Barter


37 posted on 07/12/2009 3:10:22 PM PDT by combat_boots (The Lion of Judah cometh. Hallelujah. Gloria Patri, Fili et Spiritus Sancti.)
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To: DB
In the old days that was called defaulting on your debts...

Exactly.....

.....What is a person or company to do knowing they must contractually perform for the state only to be paid in IOU's that will most likely not pay anytime soon?

Kalifornia needs to get it's head out of it's rear end, cut programs, and resume paying it's debts. I CAN be done.....

38 posted on 07/12/2009 4:16:40 PM PDT by SteamShovel (When hope trumps reality, there is no hope at all.)
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To: TigerLikesRooster

Wimpy to Popeye, I will gladly pay you Tuesday for a hamburger today.


39 posted on 07/12/2009 4:28:22 PM PDT by Kickass Conservative (If Hitler used a TelePrompter, we would all be speaking German...)
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To: SampleMan
So the IOUs are really 0% bonds?

The IOU's pay 3.75% (annual rate), supposedly tax-exempt. Perhaps that is why some banks are honoring deposits of IOU's -- for in addition to retaining customers, matching the other banks' policies, and not raising the ire of the state government, maybe the banks hope to collect the higher interest rate? If eventually the IOU's bounce, the banks can always take the money back from the customers and possibly charge them NSF/bounced-check fees.

But, unless you're a bank, bonds are better investments, unless one can get a good discount off the face value of the IOU's. Bonds are paid before these IOU's, and given CA's declining credit rating, the bond yields may even be higher.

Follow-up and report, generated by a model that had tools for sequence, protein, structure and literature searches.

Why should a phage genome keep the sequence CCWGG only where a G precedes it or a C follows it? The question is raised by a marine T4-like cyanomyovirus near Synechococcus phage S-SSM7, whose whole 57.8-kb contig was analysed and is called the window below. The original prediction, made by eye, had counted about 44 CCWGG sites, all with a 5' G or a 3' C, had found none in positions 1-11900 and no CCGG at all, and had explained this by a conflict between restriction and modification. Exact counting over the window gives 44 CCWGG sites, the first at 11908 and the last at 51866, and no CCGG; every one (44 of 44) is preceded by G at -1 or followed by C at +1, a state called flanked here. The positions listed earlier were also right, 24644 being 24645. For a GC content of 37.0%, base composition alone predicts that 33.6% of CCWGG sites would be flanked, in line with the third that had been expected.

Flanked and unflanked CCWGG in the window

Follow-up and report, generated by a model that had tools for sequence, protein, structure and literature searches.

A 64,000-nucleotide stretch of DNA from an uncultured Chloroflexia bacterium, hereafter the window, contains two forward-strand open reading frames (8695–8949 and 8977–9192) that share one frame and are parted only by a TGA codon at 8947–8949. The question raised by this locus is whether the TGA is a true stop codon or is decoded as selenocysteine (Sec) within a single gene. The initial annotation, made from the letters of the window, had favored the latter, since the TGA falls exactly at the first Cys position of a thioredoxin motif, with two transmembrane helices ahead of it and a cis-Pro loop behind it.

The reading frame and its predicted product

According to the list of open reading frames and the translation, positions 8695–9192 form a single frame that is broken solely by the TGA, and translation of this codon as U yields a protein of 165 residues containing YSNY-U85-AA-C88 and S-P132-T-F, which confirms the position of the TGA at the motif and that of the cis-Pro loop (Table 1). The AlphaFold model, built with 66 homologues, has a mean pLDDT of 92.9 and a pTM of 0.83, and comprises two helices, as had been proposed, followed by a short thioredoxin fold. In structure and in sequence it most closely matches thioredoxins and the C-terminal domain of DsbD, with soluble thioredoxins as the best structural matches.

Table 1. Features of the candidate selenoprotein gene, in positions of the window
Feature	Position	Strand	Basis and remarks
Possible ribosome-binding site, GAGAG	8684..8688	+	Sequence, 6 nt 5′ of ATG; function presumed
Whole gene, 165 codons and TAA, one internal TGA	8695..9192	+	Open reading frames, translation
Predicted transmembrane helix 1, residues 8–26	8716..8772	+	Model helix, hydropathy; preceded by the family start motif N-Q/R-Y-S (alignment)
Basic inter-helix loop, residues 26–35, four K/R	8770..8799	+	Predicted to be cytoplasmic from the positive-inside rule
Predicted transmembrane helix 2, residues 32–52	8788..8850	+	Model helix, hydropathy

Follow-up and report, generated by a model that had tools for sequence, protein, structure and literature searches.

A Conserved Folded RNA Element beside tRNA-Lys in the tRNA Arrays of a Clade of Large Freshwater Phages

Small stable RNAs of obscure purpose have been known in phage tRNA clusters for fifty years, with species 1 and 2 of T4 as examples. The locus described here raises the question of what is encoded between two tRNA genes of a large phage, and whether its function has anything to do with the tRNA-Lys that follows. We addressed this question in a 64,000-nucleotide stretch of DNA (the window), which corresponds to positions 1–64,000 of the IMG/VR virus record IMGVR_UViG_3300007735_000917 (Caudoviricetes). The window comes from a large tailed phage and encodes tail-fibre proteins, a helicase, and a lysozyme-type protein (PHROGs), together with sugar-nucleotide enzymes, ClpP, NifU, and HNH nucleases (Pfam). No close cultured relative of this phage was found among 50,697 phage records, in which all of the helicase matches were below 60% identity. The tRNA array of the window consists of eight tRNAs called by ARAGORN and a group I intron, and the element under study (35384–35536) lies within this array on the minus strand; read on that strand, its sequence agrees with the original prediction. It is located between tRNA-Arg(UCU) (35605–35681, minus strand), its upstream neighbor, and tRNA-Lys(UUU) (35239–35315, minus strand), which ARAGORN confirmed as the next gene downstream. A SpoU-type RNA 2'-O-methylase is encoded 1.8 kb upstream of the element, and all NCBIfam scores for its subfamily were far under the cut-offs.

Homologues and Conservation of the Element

40 posted on 07/12/2009 6:36:09 PM PDT by heleny
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To: TigerLikesRooster
"The staff of the SEC has expressed its belief that California's recently issued IOUs are 'securities' under federal securities law. As such, holders of these IOUs and those who may purchase them are protected by the provisions of the federal securities laws that prohibit fraud in the purchase or sale of securities," the agency said.

Doesn't a securities issuer need to file some SEC paperwork or comply with some rules before issuing the securities? These IOU's became "securities" after they were issued, and the recipients had no choice whether they wanted to "invest" in these "securities."

41 posted on 07/12/2009 6:48:04 PM PDT by heleny
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To: javachip

thanks for that correction. I should have performed some due diligence before posting something from an email without independently confirming it.

We sure as heck have enough bad news (for real!) around here without me “winging it.”

*sheesh*


42 posted on 07/12/2009 10:34:39 PM PDT by Daisyjane69 (Michael Reagan: "Welcome back, Dad, even if you're wearing a dress and bearing children this time)
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To: heleny
Bonds are paid before these IOU's, and given CA's declining credit rating, the bond yields may even be higher.

Hold on there. The new rules of bankruptcy under Obama now place bond holders at the back of the line behind unions, newly force-issued government owned stocks, and ACORN.

I don't put it past the state or federal government to arbitrarily decide that those honoring the new socialist IOUs deserve more than the old capitalist bond holders.

But thanks for the info on the IOU's interest status.

43 posted on 07/13/2009 3:37:18 AM PDT by SampleMan (Socialism enslaves you & kills your soul.)